Published: Jun 12, 2020
9:30 AM: Get into the office on a Friday morning and check voicemail and email. You’ve got a message from the head of the energy practice, asking you to put together a few discussion slides on your practice area’s new sales initiative for an internal conference call later in the day. You’re happy to be included in this business development work, as it’s a great opportunity to get some face time with a few senior partners.
10:00 AM: Settling in at your desk with a cup of coffee to wake you up from a week of heavy travel and less-than-optimal sleep, you dig in on incorporating comments from yesterday’s conference call into a PowerPoint presentation that’s due to the client next week. The partner you are working with is 3 time zones west of you, so you have an hour and half before you’re scheduled to show him your work. The project is heavy on the financial modeling, supporting a $1 billion environmental compliance decision by large utility: should they install scrubbers, or buy SO2 credits?
11:40 AM: Conference call with your project manager and partner to review the current version of the draft presentation—the partner only has half an hour, and is running 10 minutes late, so it ends up being a hasty 20-minute call. However, you agree on next steps, and have your marching orders for completing the deck over the weekend.
12:00 PM: Today is knowledge-sharing day, and one of your colleagues is presenting findings from a recently-completed M&A valuation project in the conference room. You grab an office-sponsored free sandwich from the kitchen and listen in on the talk.
12:45 PM: The receptionist calls you out of the knowledge sharing session to take a client call. The client team leader is upset with the performance of one of their other vendors on the current project, and asks your firm to help get the task done. You assure him that you will bring it up ASAP with your partner, and figure out a game plan. You leave a voicemail for the partner that you need to talk this afternoon.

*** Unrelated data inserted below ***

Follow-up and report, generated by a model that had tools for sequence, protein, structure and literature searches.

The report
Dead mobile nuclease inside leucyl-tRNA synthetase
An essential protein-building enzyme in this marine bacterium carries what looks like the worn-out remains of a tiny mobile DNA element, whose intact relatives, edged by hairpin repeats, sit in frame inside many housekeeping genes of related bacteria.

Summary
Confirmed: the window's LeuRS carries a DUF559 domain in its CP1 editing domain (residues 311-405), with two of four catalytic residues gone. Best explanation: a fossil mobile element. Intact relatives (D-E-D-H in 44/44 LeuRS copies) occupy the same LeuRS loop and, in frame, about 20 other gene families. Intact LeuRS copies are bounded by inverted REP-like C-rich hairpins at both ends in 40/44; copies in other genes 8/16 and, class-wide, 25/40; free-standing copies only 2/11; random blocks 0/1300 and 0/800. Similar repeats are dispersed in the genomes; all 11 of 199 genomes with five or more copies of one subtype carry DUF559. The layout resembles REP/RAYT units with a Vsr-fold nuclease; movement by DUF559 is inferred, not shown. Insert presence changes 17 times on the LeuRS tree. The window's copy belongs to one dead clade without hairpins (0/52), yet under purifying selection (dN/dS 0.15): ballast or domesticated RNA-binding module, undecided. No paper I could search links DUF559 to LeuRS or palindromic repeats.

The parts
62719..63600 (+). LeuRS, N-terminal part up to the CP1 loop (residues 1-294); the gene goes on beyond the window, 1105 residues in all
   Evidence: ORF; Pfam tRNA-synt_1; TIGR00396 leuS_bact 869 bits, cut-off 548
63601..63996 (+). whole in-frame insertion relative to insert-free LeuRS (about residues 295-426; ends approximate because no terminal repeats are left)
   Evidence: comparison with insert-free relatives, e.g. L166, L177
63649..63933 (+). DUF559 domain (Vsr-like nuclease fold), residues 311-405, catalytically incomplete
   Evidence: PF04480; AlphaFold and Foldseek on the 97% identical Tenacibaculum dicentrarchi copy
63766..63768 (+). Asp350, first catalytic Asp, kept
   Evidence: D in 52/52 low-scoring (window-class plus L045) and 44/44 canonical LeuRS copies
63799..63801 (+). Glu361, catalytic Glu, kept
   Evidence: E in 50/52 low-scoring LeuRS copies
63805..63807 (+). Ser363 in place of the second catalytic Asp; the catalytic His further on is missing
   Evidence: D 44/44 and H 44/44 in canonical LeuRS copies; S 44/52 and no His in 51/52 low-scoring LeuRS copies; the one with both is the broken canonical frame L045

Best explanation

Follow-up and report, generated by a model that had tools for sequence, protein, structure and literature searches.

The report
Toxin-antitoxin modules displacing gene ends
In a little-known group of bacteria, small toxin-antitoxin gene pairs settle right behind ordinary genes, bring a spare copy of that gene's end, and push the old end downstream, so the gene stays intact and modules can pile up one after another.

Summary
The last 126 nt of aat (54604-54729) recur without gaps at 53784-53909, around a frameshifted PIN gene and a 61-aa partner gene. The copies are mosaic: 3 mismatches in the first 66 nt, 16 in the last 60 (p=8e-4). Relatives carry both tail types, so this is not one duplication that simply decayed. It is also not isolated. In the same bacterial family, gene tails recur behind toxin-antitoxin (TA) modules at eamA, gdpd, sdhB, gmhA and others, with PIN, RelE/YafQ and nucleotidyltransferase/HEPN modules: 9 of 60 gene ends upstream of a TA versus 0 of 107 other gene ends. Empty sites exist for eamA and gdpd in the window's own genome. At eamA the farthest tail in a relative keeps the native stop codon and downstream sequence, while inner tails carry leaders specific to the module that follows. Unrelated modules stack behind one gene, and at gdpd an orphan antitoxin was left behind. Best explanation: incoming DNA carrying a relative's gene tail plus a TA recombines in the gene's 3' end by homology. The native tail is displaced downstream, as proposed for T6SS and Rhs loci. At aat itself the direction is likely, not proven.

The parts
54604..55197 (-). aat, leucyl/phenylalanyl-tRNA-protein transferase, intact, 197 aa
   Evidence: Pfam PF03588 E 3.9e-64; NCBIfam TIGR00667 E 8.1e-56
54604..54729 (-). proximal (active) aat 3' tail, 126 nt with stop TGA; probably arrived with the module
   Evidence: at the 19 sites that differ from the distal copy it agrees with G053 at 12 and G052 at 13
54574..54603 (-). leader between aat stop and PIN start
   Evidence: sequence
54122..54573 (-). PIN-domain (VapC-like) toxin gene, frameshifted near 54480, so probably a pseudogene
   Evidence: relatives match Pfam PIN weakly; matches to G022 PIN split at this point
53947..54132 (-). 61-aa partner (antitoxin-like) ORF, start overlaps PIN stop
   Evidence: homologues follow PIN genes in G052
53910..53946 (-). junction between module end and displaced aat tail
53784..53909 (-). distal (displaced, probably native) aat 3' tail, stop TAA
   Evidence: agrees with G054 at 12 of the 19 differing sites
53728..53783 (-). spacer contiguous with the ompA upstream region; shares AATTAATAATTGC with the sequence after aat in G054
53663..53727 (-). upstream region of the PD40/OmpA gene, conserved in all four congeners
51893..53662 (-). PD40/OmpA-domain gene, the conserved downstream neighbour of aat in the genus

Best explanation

1:00 PM: Spend some time working on the financial model for the environmental compliance decision project.
3:00 PM: Sit on the conference call for which you prepared the discussion slides this morning. It’s good that you prepped for it, as the call was quick and efficient. Your group is trying to leverage success on a recent regulatory risk assessment project to create a packaged offering to other energy companies. The partners agree on a split of which prospects each one will call and by when. The upshot of the call for you is that you are to centrally coordinate this new initiative and create all the presentation materials.
4:15 PM: Walk downstairs to Starbucks for a quick coffee. You could get some from the office kitchen, but you feel like taking a short break and getting some air.
4:30 PM: The partner calls you back in response to your earlier voicemail. You fill her in on the client’s issues with the other vendor, and the two of you collaborate on a plan to get the extra work done without blowing your budget. You conference in the vendor team and share the plan with them.
5:00 PM: You agreed with your partner that you would fly down to the vendor’s offices to manage their work product issue. So you spend a few minutes thinking through the logistics of how best to blend in that trip with your other client travel next week, and then make plane, car, and hotel reservations accordingly. Given the complexity, you decide to just do it yourself, rather than loop in your shared assistant.
5:45 PM: Riding the subway home, you read through an energy magazine—industry knowledge is extremely valuable to you as a consultant, and there is always more to learn. After unwinding for a while, you meet up with some friends for dinner.
8:00 PM: Spend a couple hours iterating next week’s presentation—it’ll take several more hours over the weekend to finish it up.
10:00 PM: The client calls to follow up on what your resolution is to their problem with the other vendor. You try to conference in the partner, but she’s on another call. Fortunately you are able to successfully reassure the client that you are going to fly down and work directly with the vendor firm, and the work will get done. With the client satisfied, you’ve done a good day’s consulting work. Before going to bed, you check email and voicemail; you reply to one message from a consultant who is updating a financial model you built for another project and had a question about one of your macros.
“New hire’s remorse”—at least under this name—is a recent phenomenon that we broached last week. Also called “shift shock,” it arises when an employee regrets taking a job because it isn’t the right fit or is completely different from what was expected.